- Take the Cable Car – Hitch a ride on the Cable Car to the top of the mountain at Monte to check out the traditional Monte Toboggans, city views and the Monte Church.
- Walk the Old Town – Explore the Old Town on the east side by foot. Pop into the Story Center for some history, hike over to see the Fort Sao Tiago, check out some old churches, peruse the little alleys in the back to admire their unique door paintings and peek in at the indoor market (Mercado Dos Lavradores). Lots of other museums around.
- Explore New Town - Hike around bustling New Town and have an expresso at one of the many café’s. Also make sure to go further up the hill to Fortess Pico for one of the best views of Funchal (the hidden entrance is at Rua Du Castelo) as well as the 3 museums up there (Quinta Das Cruzes, Convento de Santa Clara and Museu Frederico De Freitas).
2/ Eat The Food
The local fare is a “must do” and there are a couple of specialities worth trying especially the Black Scabbard fish (espada) and the meat skewers (espetada). Stay away from the tourist-traps in the Old Town and look for restaurants in the small alleys behind New Town, and of course remember to pair with Madeira wine. The best meal we had all week was at Restaurant Dos Combattentes and I highly recommend at least one stop there.
3/ Take An Island Tour
It’s worth getting out of Funchal to explore the outer reaches of the Island. Madeira boasts the 2nd highest sea-cliff in the world (Cabo Girão), lovely fishing villages (Câmara de Lobos), gorgeous mountains, neat lava pools (Porto Moniz), waterfalls, traditional thatched houses(Santana) and local culture. The best bus tours (in my opinion) are the smaller mini-bus tours offered by Happy Tours (€15-25), but you can also rent a taxi for a day (~€100). If you only have time to do one tour take the West Tour, the most interesting by far.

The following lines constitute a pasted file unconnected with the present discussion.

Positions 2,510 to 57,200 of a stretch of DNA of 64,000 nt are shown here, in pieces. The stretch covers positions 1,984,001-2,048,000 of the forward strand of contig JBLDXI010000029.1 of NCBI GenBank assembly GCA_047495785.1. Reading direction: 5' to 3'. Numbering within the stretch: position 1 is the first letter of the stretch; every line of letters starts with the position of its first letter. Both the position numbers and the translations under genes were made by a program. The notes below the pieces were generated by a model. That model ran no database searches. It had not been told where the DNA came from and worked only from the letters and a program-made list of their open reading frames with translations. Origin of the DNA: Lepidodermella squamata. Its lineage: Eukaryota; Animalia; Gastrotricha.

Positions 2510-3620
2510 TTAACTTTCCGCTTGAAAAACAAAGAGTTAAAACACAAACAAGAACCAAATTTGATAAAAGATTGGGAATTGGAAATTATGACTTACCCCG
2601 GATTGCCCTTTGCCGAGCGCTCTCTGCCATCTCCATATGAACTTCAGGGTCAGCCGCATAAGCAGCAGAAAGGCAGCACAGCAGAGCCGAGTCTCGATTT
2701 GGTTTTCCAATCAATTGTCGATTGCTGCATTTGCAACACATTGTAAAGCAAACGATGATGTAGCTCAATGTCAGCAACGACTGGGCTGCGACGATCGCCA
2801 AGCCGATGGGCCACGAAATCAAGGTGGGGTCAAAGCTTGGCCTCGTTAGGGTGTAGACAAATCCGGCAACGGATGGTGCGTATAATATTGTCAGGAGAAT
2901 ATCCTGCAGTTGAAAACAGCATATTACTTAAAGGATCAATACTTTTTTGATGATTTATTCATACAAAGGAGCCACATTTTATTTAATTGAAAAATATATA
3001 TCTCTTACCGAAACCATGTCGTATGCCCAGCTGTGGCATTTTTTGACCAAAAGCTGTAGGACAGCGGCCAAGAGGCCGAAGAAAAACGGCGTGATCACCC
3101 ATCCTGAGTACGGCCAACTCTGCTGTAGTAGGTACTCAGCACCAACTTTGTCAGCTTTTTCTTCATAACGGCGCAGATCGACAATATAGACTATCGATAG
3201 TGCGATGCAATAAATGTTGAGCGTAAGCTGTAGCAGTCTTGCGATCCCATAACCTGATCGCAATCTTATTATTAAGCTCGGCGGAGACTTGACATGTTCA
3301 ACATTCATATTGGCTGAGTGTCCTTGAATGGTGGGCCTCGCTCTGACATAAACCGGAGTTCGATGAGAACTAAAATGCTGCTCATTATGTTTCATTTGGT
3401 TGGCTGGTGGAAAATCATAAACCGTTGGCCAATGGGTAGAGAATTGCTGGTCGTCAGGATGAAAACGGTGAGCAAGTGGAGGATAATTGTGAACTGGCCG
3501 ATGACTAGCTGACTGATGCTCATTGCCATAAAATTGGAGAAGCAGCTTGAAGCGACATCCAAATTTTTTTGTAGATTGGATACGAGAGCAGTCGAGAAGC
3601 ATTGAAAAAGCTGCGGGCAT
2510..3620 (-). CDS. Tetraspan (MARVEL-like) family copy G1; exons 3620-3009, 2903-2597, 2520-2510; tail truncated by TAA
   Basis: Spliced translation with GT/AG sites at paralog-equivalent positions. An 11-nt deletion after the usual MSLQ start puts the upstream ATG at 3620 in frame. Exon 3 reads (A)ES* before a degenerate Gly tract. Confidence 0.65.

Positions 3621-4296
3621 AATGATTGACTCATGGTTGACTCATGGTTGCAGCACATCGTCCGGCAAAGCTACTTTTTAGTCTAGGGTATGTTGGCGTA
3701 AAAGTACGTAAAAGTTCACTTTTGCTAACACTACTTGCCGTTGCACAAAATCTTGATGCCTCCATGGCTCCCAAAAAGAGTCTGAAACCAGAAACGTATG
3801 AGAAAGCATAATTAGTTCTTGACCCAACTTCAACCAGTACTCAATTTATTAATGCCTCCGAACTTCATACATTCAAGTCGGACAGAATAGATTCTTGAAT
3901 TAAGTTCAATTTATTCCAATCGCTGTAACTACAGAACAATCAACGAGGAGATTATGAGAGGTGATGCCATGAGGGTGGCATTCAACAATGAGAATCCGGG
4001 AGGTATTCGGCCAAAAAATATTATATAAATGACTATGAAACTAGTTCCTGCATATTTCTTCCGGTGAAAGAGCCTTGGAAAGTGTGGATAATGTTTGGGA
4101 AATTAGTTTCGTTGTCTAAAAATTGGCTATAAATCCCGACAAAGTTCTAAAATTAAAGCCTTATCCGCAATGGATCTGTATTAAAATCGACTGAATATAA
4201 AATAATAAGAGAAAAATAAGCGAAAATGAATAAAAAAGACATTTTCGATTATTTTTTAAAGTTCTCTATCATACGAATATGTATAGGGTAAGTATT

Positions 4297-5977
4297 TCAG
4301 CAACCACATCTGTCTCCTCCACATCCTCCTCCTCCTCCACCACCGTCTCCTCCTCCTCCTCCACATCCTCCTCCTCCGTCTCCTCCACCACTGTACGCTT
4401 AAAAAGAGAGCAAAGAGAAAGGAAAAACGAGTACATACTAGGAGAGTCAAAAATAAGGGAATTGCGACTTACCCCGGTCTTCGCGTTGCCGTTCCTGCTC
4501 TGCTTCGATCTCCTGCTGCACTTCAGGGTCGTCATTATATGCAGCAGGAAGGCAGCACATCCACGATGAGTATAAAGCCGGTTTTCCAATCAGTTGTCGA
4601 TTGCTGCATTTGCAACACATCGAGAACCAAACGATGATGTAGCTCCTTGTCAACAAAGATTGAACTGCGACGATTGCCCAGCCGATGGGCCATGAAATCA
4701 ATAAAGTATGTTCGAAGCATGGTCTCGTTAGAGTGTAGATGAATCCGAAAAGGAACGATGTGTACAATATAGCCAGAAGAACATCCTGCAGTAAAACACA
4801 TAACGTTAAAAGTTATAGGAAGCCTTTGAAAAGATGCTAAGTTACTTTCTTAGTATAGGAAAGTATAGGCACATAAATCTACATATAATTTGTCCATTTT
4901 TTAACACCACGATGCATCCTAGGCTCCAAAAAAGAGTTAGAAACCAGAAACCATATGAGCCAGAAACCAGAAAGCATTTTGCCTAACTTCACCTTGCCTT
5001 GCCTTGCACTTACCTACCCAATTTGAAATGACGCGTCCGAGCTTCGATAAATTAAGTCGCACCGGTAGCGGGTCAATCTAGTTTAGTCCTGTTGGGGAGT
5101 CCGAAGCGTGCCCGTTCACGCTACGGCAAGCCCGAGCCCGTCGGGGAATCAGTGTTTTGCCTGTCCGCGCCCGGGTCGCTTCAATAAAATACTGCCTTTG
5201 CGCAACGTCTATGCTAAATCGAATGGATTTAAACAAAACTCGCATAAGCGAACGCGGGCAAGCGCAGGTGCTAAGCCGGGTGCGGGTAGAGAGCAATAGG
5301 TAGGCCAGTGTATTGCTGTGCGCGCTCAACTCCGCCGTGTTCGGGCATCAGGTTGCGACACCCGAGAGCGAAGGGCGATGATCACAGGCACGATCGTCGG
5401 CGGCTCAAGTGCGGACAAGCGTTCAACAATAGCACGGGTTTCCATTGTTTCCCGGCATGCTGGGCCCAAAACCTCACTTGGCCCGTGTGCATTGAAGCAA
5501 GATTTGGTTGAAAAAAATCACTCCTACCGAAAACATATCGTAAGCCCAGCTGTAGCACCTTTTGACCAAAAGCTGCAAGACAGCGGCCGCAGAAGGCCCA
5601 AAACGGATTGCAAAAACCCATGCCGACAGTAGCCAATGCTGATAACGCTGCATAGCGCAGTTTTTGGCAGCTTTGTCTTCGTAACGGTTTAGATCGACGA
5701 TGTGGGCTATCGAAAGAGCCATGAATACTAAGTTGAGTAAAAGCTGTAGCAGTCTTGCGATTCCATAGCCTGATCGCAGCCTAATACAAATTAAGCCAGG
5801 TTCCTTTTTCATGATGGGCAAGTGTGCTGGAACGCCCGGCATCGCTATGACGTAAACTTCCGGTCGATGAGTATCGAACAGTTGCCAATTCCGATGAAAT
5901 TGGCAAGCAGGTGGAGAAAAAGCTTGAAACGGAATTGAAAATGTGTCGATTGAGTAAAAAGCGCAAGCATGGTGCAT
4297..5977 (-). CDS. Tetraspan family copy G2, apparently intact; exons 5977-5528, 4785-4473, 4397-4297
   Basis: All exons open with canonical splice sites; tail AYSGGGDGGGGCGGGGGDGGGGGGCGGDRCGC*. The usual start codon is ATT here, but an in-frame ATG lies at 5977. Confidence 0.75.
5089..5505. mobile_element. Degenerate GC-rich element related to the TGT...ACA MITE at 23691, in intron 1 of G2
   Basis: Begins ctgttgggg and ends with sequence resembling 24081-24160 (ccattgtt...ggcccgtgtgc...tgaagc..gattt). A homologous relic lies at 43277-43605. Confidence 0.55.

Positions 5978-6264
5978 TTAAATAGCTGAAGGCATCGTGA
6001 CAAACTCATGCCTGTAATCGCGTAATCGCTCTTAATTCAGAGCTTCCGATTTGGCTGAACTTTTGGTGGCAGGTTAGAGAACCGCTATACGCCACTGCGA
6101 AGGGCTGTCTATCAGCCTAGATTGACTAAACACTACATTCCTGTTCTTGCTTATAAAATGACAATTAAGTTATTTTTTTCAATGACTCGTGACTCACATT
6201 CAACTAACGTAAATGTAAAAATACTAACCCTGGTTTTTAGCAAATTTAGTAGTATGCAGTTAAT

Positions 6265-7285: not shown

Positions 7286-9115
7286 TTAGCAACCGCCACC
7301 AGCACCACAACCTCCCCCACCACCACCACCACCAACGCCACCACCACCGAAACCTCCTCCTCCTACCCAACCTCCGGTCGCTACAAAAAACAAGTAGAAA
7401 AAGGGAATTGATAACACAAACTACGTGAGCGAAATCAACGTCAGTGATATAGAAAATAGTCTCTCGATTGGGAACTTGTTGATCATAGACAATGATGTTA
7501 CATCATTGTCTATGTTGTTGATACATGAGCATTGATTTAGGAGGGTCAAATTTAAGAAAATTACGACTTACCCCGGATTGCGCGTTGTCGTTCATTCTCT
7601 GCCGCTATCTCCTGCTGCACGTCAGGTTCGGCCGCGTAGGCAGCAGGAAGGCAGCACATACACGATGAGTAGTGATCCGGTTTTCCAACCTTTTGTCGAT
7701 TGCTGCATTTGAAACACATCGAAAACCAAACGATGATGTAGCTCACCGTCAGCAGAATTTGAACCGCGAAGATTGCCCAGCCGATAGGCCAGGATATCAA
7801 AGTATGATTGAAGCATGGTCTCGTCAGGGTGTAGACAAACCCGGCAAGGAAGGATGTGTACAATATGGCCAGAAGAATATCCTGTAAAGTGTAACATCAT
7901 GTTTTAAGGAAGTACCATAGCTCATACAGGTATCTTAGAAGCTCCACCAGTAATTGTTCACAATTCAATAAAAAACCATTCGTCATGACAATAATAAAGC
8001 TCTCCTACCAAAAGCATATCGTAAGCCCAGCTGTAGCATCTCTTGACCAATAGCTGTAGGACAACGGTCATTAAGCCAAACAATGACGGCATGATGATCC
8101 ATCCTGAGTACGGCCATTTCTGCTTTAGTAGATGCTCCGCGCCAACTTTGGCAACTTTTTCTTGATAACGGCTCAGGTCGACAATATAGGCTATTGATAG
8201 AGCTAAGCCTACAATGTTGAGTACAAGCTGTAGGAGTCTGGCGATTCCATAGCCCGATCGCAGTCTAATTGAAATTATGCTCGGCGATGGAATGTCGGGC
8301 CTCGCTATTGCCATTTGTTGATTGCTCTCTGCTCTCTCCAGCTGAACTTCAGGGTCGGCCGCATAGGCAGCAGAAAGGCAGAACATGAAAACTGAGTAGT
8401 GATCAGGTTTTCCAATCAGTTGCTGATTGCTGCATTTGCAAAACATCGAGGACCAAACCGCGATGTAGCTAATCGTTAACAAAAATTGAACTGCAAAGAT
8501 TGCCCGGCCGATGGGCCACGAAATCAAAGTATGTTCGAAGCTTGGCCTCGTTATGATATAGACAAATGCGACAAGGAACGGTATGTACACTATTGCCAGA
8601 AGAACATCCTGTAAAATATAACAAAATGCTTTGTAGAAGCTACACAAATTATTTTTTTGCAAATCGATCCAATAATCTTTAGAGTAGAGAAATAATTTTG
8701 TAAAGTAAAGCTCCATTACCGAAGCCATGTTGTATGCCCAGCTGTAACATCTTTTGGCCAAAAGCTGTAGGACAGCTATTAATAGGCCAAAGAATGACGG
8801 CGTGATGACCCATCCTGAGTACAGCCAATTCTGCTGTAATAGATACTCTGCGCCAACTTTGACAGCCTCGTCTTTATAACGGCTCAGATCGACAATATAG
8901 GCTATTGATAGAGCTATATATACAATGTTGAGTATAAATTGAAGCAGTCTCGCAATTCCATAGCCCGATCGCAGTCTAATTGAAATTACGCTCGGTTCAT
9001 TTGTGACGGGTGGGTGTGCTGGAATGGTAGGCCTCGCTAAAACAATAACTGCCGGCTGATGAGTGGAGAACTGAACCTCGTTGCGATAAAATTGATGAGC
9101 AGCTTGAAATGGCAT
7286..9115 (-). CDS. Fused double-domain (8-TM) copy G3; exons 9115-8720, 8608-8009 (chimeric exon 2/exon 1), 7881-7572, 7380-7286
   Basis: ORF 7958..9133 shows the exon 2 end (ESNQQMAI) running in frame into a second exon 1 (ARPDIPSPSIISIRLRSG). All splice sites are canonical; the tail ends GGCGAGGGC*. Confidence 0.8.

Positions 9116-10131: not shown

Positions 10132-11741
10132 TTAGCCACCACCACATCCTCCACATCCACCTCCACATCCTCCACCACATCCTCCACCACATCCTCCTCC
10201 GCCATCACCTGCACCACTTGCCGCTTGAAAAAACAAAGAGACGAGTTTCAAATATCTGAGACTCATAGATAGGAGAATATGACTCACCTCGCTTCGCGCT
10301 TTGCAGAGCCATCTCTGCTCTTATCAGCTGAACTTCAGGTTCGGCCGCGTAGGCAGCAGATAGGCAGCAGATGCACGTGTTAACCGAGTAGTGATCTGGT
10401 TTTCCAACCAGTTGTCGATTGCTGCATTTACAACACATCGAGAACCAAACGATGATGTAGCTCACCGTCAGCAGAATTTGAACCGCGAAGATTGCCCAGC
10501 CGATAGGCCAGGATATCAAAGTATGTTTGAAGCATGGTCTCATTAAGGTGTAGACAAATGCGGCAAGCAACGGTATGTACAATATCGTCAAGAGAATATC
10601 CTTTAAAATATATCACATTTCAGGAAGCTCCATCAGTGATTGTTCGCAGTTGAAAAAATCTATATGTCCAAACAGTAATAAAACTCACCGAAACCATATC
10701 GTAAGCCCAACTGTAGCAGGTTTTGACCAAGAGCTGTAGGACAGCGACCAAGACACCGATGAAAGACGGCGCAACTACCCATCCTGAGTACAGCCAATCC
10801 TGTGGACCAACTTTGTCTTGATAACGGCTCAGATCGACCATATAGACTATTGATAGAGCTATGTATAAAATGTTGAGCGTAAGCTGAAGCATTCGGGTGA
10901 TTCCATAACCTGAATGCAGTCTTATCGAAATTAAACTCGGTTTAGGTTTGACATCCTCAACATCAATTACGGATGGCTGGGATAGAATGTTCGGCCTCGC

4/ Go For A Hike
The levadas are extensive water-ways that were originally built criss-cross the island to provide irrigation to local farms. You can do levada hikes along these old waterways for over ~500 miles from super-easy to serious mountain climbs. Either take a guided tour or buy the hiking book and do them yourself.
5/ Do Some People Watching
Madeira has a great café culture and it’s so much fun to get into it. Lots of great cafés all around the island so go out and explore. For a great downtown vibe check in at the Café Do Teatro, and for a totally local hidden gem check out the Tea House in the old house at the Centro Cívico Cultural de Santa Clara. For a nighttime drink try one of the rum concoctions at Number 2 (opposite the Madeira Carlton). Lots of other nightlife around.
And that, my friends, wraps up my Madeira visit. With the sadness that always accompanies a leaving, I say goodbye to a fabulous week in the Atlantic and head back to more adventures the RV. In the meantime I’ll remember my wonderful trip and all those colonists 250 years ago every time I taste a dram of that wonderful and unique Madeira wine.
P.S. For an extra little treat click on the video below for a sample of traditional Madeira folk music and dance